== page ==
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Monday, October 6, 2008

Orion's Spice Islands Voyage of Discovery to lands lost in time


This Orion Voyage of Discovery visits one of the most extraordinarily bio-diverse regions on Earth. The Moluccas, once known as the Spice Islands and now Maluku, is a rarely visited collection of islands situated just north of Australia between New Guinea and Timor. Few outsiders ever set foot here.

Being part of Wallacea, the legendary deep water area that separates the Australian and Asian continental plates, it is home to many unique flora and fauna species, particularly birdlife. Towering volcanoes rising from the depths of the sea, stunning islands, vibrant reefs and ancient cultures mark this amazing expedition.

Magellan and Vasco da Gama opened the way for Europeans, building a profitable trade based on rare spices including cloves, nutmeg and mace. Archaeology has shown that more than 3000 years ago cloves from the Moluccas were traded in Persia and the Romans were able to buy spices from the remote east of Indonesia.

The island of Alor is a must-do destination for adventurous scuba divers, the coral reef complex being in pristine condition - while ashore, the predominantly Christian villagers are friendly and their culture strong. The existence of Moko drums, not found in large numbers anywhere else in Indonesia, can be traced back to the Dongson period in Vietnam around 350 BC.

The residents of Sumba, an uplifted coral limestone island once known as Sandalwood Island by early European traders, retain a strong cultural heritage resistant to the outside influences of Christianity, Hinduism or Islam. Orion's guests will be welcomed by Sumba villagers wearing traditional woven ikat fabrics to see imposing ancient stone carvings and megaliths that adorn the entrances to Sumba villages.

Orion's guests will see pre-historic creatures at world renowned Komodo National Park, established in 1980 to conserve the unique Komodo dragon. These imposing lizards are among the world's largest reptiles, growing to over 3 metres long and weighing over 70kg.

Remote Pink Beach, so named because of crushed red organ pipe coral sand, is perfect for swimming, snorkelling, sea kayaking or just relaxing on the beach - options available to make the most of time spent on this stunning beach.

Sitting just offshore from Sumbawa, opposite the towering volcano of Tambora, Satonda is an uninhabited natural paradise. The island itself is an emerging volcano featuring a lake that has formed in its crater. Hundreds of fruit bats call Satonda home and at dusk the sky turns black as they leave their roosts for the evening.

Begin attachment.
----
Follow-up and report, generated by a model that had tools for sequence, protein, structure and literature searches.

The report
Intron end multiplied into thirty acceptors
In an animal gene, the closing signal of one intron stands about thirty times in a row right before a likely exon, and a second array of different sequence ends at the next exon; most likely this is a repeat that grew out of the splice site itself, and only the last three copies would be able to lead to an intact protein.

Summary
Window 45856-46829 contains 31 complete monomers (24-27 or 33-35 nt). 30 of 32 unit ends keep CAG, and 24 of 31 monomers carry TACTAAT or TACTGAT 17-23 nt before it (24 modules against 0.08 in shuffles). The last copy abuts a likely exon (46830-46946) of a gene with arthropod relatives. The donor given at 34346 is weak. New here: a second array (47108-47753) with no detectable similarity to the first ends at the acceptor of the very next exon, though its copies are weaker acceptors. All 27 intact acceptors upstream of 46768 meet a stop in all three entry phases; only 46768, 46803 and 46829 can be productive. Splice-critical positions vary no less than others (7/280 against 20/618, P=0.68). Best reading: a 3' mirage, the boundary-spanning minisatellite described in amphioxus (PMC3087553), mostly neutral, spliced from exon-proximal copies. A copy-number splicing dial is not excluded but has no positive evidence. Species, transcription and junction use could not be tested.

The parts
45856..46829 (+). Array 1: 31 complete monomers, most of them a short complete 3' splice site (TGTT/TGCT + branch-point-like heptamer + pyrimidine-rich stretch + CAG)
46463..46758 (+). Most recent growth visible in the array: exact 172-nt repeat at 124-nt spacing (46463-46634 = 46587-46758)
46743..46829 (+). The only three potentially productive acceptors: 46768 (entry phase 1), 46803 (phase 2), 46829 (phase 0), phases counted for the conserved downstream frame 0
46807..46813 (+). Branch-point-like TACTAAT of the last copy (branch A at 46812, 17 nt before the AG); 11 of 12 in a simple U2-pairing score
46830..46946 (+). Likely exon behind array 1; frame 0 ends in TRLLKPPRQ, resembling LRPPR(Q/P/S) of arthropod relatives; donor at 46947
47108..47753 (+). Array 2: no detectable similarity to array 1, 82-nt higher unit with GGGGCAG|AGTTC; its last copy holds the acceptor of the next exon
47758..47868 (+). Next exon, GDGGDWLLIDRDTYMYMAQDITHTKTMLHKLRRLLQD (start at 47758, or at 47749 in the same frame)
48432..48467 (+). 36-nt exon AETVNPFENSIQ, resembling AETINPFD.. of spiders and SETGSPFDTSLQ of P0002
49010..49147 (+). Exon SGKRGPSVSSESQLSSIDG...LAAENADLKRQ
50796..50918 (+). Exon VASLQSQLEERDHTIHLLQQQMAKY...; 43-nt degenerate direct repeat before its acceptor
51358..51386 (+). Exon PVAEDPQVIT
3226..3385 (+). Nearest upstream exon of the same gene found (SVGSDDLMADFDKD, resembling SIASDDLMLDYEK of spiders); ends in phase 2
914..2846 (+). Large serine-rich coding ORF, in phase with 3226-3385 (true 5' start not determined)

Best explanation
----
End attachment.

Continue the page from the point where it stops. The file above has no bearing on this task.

Kenanga, a small fishing village on the coast of Sumbawa, provides another chance to experience culture and lifestyle on this fascinating voyage. Mix with the local people and visit the school and a local fish hatchery. Tambora volcano, towering over the coast of Sumbawa, is known for the largest eruption recorded in history.

This Orion Spice Islands Voyage of Discovery has caught the imagination of Orion's Expedition Team. The heady blend of local culture, European discovery, geology, unique flora and fauna all wrapped and presented in a series of beautiful islands largely lost in time promises to be a voyage of a lifetime.

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Spice Islands Adventure – 10 September 2009 - 9 nights. Darwin, Maluku, Alor, Waingapu (Sumba Island), Komodo, Satonda Island, Sumbawa, Bali (Benoa).

Fares Guide:

Fares begin from $6,365 per person for an ocean view Category B Stateroom

Suites begin from $8,775 per person for a Junior Suite

Owners’ Suites with French Balcony are $13,325 per person

An additional fuel charge of $50 per person per night applies

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Orion information:

The cataclysmic volcanic eruption of Tambora in April 1815 was the most powerful eruption in recorded history; greater even than the legendary Krakatoa eruption of 1883.

Tambora's resulting volcanic cloud lowered global temperatures by as much as 3 degrees °C, and a year later most of the northern hemisphere experienced sharply cooler temperatures during the summer months. In parts of Europe and in North America, 1816 was known as "the year without a summer."

From: Kious and Tilling, 1996, This Dynamic Earth: The Story of Plate Tectonics: USGS

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Ranked #2 expedition cruise ship in the world in the 2009 Berlitz Cruise Guide, Orion is the world's latest and Australia’s only purpose-built luxury expedition cruise ship.

With 75 crew and a maximum of just 106 passengers Orion offers the highest staff to guest ratio and guest to public space ratio of any ship based in Australian waters.

Further information on Orion Expedition Cruises can be obtained by visiting the website www.orionexpeditions.com

For reservations or to obtain a brochure call Orion Expedition Cruises: 61-2 9033 8777 (Sydney callers) 1300 361 012 (regional and interstate) or your travel agent.
Email: info@orioncruises.com.au
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